Steer roping involves a much heavier and older animal that can weigh 350 pounds or more. Once again, after looping the lasso around the horns of the steer, the cowboy exits his saddle and while the rope is being kept taut by the horse, the steer is flanked to the ground and rendered immobile. Team roping involves two cowboys on horseback. One (the header) lassos the head of the animal while the second cowboy (the heeler) lassos the two rear legs. With the two horses keeping the ropes pulled tight, the cowboys can now tend to the animal.
Trevor has been roping calves since he was a boy. During his last year of college, he turned professional and has never looked back. He and his wife, Shada, have a son, 3-year-old Treston, and a daughter, 1-year-old Stella. During the season Trevor will compete in 70 rodeos. Only when he has two or three rodeos in the same week at distant locations “” as was the case when I spoke with him “” will he fly. All other times, the entire family accompanies him in their Foretravel Nimbus.
Foretravel works closely with Trevor on each new motorhome that he gets. Trevor plays an integral part in the interior design of each coach, because it must provide the luxury that makes life on the road for extended periods of time tolerable, and also be configured in such a way so it works for the entire Brazile family. Plus, it must be functional and tailored to his specific needs.
For example, Trevor and his family need to have their privacy and at the same time be able to accommodate (at times) his support cowboys, which sometimes may include his team-roping partner. Therefore, Trevor and his wife had a set of bunk beds designed and built forward in the coach so traveling companions can have a place to sleep. With three slideouts in the motorhome, the rear bedroom becomes a sanctuary for Trevor, Shada, and their kids while the cowboys up front have their privacy.
Trevor and other cowboys who might be traveling from one rodeo to the next all take their turn at driving the motorhome. Trevor says everyone enjoys the prowess of the Foretravel. One of the more important features that Trevor really appreciates is that his Nimbus yields a huge towing capacity thanks to its 60,000-pound gross combination weight rating (GCWR). He gave up using a pickup truck with a gooseneck trailer that had living quarters on board, because his Foretravel can tow a trailer full of horses, tack, feed, and all their rodeo gear. With the motorhome’s 500-horsepower turbocharged Cummins diesel engine providing the power, the entire Brazile bunch, including horses, travel effortlessly to the next event.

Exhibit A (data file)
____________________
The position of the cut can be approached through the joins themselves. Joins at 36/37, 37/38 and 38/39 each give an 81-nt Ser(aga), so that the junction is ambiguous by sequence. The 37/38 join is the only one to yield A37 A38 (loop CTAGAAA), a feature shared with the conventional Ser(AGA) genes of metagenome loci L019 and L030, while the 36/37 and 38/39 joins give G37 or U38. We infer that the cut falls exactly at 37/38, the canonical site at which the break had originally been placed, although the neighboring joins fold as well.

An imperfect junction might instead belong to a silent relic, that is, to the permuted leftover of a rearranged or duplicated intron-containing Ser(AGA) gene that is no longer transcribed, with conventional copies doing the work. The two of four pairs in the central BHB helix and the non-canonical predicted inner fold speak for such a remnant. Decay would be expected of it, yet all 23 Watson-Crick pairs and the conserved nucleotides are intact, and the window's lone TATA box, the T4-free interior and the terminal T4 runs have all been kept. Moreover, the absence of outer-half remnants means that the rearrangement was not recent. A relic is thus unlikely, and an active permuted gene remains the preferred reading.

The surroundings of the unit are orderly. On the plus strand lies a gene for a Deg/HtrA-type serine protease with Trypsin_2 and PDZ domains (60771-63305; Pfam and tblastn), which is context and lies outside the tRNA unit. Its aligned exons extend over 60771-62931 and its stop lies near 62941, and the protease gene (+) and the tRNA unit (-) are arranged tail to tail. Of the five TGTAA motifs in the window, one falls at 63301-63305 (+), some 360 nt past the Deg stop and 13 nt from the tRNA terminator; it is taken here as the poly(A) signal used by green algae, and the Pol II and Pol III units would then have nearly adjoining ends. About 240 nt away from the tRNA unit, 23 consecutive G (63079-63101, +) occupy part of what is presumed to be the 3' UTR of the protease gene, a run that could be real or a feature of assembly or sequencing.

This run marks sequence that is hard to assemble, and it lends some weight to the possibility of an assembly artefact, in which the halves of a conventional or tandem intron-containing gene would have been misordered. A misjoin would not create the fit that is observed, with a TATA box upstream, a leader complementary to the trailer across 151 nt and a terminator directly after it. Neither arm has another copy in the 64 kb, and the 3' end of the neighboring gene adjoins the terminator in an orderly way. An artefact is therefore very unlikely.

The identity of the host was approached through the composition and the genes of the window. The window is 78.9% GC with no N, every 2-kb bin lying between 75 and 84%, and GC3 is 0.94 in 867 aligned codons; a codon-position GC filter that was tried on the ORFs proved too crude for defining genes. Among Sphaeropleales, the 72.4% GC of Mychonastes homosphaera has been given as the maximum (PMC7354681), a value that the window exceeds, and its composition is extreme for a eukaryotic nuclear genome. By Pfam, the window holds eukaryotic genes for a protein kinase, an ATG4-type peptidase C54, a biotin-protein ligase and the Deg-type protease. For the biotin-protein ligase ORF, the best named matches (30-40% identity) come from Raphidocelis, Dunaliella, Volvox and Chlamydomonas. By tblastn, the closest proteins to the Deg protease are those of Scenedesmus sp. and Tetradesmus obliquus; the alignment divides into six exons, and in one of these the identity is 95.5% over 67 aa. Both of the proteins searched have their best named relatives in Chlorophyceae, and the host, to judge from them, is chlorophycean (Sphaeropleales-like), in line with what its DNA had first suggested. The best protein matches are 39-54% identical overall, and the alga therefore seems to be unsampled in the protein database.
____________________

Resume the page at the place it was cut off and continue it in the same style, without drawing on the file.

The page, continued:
Trevor may be one of the best rodeo cowboys to compete in PRCA, but there are still championships to be won and records to chase. With 14 gold buckles (signifying world championships) under his belt, Trevor needs just two more titles to join Jim Shoulders in second place on the all-time championship leaders list. Should he reach that mark, next in line would be Guy Allen, who won 18 steer-roping titles from 1977 through 2004 and is the all-time championships leader. Seeing how Trevor has won 10 championships during the past five years and doesn’t appear to be slowing down in the least, there’s every reason to believe that he will lasso in both Shoulders and Guy within the next two or three years to become the winningest rodeo cowboy of all time. And the greatest ever.